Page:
BT Group today announced its results for the third quarter when both sales and profits fell.
Revenues for the three months to 31 December dropped by 3% to £5.7bn while adjusted earnings before interest, tax, depreciation and amortisation declined by 4% to £1.9bn.
BT’s chief executive Philip Jansen, said: “BT delivered results slightly below our expectations for the third quarter of the year, but we remain on track to meet our outlook for the full year.”
Russ Mould, investment director at AJ Bell, said: “BT’s third quarter results won’t do much to win over the market which has been sceptical on the company for a long time due to struggles with earnings growth, a large pension deficit and the need for hefty infrastructure investment.
“Not only are the results below expectations, but it now anticipates a £500 million hit from the Government’s cap on how much Huawei equipment can be used in the UK telecoms network. From 2023, the Chinese company can only have a maximum 35% market share of the UK network – that’s a problem for BT which has historically relied heavily on Huawei kit.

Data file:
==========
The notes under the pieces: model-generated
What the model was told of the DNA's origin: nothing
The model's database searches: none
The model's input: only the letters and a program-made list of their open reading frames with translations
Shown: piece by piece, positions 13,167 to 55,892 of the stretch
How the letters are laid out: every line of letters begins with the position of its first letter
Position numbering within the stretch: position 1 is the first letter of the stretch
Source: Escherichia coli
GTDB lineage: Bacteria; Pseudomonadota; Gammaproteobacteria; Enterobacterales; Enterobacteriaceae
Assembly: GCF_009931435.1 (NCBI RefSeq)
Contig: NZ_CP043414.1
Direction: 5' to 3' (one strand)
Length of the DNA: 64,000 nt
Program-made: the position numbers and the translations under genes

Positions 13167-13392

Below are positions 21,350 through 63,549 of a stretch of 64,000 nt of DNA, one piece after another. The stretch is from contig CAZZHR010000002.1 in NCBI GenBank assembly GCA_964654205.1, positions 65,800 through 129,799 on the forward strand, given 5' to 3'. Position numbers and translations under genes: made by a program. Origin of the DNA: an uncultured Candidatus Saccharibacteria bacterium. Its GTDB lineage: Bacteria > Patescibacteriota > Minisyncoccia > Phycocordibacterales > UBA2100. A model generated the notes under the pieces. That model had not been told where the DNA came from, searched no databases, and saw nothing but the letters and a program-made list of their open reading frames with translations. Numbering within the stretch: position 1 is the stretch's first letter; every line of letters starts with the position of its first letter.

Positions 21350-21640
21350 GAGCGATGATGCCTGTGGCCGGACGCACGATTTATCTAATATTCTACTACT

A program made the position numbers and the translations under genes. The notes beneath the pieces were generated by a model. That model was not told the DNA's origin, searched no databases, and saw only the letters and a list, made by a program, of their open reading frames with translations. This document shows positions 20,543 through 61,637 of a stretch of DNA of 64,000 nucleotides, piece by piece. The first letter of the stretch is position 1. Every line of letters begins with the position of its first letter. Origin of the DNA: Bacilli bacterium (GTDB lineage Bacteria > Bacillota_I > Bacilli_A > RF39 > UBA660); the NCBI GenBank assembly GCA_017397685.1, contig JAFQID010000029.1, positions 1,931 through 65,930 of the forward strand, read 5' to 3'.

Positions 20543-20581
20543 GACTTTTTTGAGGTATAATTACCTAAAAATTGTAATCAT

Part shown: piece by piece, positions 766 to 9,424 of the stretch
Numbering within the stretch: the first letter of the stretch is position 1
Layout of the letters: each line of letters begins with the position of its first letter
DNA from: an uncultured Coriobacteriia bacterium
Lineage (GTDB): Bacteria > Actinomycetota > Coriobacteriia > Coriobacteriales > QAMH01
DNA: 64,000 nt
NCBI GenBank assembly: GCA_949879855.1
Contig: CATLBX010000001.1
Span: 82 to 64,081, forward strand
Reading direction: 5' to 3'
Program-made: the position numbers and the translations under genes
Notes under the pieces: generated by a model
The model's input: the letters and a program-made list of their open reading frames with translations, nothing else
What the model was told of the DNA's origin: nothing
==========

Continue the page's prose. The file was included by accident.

“Investors have been attracted to BT in the past for its generous dividends. These payouts have increasingly been questioned by the market who is worried about the company’s hefty investment plans and how that will gobble up its cash flow.
“Analysts aren’t forecasting any sales or pre-tax profit growth for at least the next three years and the consensus estimate is for the dividend to be cut by about 20% in the financial year ending March 2021.
“So for now this looks like a company stuck in the mud. It has bold ambitions and knows what it wants to look like in the future. It just needs to get on with the job and reposition the company for the 21st century. Until that journey is well on its way to completion, BT is likely to be treated with apathy.”